Is Zed flipping out finally? Oh no, it's just someone giving him the stink eye again. Also, there's an all important supercomputer that's revealed in the third act, and the object used to represent it is of course really small and unassuming. Like, oh, of course. Silly me, why did I ever expect to actually see a supercomputer or anything? This isn't that kind of movie, because it's not depicting that kind of future. Holograms and advanced medical science, sure. But just don't expect to see any tricorders or anything. These 'humans' have even evolved past the need for sleep. They just meditate. All of this stuff just serves to accentuate the point that these people have simply been around too damn long.

  Their society is well beyond ripe, it's rotting. Mankind was maybe never supposed to be like this. So decadent, so... stagnate. It's that premise which allows for the movie's true triumph. The basic subversion of the hero ideal. Usually, a hero comes in and saves a bunch of people from a bad guy. But, in Zardoz, he has to save them from themselves... by killing them. Or at the very least, inspiring death. Hundreds of hundreds of years worth of pent up and denied feelings, emotions, and experiences all come crashing down as Zed infiltrates this little society.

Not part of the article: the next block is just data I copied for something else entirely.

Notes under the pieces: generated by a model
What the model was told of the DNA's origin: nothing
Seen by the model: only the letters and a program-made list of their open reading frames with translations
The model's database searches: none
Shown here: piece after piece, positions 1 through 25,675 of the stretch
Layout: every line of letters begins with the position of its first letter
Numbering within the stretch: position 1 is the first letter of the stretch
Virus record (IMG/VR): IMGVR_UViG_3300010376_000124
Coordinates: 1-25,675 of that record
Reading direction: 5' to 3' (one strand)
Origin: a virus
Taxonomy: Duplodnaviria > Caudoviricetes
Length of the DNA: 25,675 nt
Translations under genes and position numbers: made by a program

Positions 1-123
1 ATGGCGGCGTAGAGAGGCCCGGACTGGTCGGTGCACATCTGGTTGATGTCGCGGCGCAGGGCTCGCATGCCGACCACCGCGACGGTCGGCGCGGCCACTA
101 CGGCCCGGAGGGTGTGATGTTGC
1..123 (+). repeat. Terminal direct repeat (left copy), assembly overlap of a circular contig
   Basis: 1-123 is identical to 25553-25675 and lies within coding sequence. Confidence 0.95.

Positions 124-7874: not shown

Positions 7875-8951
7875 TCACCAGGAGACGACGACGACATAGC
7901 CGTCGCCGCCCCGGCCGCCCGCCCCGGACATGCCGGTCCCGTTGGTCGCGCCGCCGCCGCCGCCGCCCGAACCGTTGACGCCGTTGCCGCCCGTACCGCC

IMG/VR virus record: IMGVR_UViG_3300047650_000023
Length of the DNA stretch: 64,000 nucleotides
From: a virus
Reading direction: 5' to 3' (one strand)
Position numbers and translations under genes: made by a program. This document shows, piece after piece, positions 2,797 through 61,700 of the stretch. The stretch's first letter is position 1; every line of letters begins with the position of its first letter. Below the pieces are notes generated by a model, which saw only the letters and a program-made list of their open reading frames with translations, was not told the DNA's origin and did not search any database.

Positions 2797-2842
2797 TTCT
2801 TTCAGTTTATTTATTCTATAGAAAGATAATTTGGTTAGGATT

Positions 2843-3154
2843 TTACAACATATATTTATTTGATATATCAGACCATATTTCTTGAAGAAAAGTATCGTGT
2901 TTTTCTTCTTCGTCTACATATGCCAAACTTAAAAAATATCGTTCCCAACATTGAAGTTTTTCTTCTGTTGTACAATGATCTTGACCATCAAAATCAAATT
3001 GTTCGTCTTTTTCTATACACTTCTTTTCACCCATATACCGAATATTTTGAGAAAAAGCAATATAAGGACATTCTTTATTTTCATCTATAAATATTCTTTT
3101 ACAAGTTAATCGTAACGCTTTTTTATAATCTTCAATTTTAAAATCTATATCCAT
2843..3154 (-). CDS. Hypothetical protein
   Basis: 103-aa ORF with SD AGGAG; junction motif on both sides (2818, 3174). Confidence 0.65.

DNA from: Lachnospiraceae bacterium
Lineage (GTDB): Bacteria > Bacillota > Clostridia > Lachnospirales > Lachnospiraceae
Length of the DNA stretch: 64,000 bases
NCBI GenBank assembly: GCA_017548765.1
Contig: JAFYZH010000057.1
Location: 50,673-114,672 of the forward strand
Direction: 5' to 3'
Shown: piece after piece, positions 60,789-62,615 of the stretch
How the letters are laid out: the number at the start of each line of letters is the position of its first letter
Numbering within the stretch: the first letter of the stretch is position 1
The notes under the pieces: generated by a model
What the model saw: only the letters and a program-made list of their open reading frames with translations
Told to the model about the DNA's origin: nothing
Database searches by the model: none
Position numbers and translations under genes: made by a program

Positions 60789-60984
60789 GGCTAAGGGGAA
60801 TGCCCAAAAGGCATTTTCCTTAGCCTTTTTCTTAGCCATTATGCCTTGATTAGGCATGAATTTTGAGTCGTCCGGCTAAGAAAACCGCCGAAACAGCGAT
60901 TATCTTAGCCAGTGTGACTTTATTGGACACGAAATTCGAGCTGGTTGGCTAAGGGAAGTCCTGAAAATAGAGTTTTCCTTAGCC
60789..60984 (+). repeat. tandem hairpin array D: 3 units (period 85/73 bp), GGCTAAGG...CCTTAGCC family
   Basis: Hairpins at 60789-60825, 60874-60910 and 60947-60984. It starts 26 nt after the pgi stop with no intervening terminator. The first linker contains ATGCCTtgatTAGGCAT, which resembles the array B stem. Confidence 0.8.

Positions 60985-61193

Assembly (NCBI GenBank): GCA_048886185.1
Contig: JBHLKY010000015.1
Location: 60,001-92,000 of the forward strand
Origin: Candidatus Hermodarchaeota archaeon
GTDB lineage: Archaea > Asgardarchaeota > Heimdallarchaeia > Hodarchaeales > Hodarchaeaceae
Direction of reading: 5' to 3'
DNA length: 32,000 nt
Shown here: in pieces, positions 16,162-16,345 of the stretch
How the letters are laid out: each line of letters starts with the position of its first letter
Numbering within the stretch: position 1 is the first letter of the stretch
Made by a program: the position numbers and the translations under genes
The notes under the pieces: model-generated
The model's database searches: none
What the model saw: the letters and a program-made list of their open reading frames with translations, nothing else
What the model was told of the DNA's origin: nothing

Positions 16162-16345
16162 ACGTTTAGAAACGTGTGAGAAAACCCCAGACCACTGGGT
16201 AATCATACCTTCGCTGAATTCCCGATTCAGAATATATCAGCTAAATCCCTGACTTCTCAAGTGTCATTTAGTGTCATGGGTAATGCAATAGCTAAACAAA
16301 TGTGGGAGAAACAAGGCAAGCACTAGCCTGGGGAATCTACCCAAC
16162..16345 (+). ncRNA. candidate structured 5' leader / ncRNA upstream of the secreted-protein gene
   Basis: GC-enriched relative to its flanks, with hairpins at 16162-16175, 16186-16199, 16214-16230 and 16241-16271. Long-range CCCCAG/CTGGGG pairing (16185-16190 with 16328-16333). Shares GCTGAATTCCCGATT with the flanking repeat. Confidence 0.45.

The movie's backstory is interesting, as is a lot of the more straightforward visuals. The giant floating stone head is as striking and haunting as it is potentially silly and hokey. It spits out guns for it's savage followers to use. "THE PENIS IS EVIL..." it decrees, because procreation is outlawed. "THE GUN IS GOOD. GO FORTH AND KILL FOR ZARDOZ." All this stuff is effective, if you're into weird 70's sci-fi. There's a catchiness to this movie, a memorability to it. Sean Connery might have been an economical casting choice, but he was a good fit for the role of Zed, and I'm hard pressed to think of anyone else who would've made it so watchable. At times he almost seems aware of how silly and absurd all these people are.

   Zardoz isn't a bad movie, like I said, it just looks like one. The early scenes are grim and energetic, showing rampant violence, savage killers on horseback running down their victims, and then... we're stuck in a dysfunctional hippie commune for the majority of the run time. If you know what you're getting into, Zardoz is a quirkly idea-heavy ride, but it's not really an 'exciting' movie. If you watch it expecting an adventure, you will be let down. It's cerebral in the extreme, but it's a thrifty cerebral- like a far flung SF paperback novel that no one's ever heard about, married to secondhand effects and shoestring budget sets. It's not what you'd see in your head, reading the book, but maybe this is the way it deserves to be seen, this is what the material deserves to exist as. And... somehow... it works.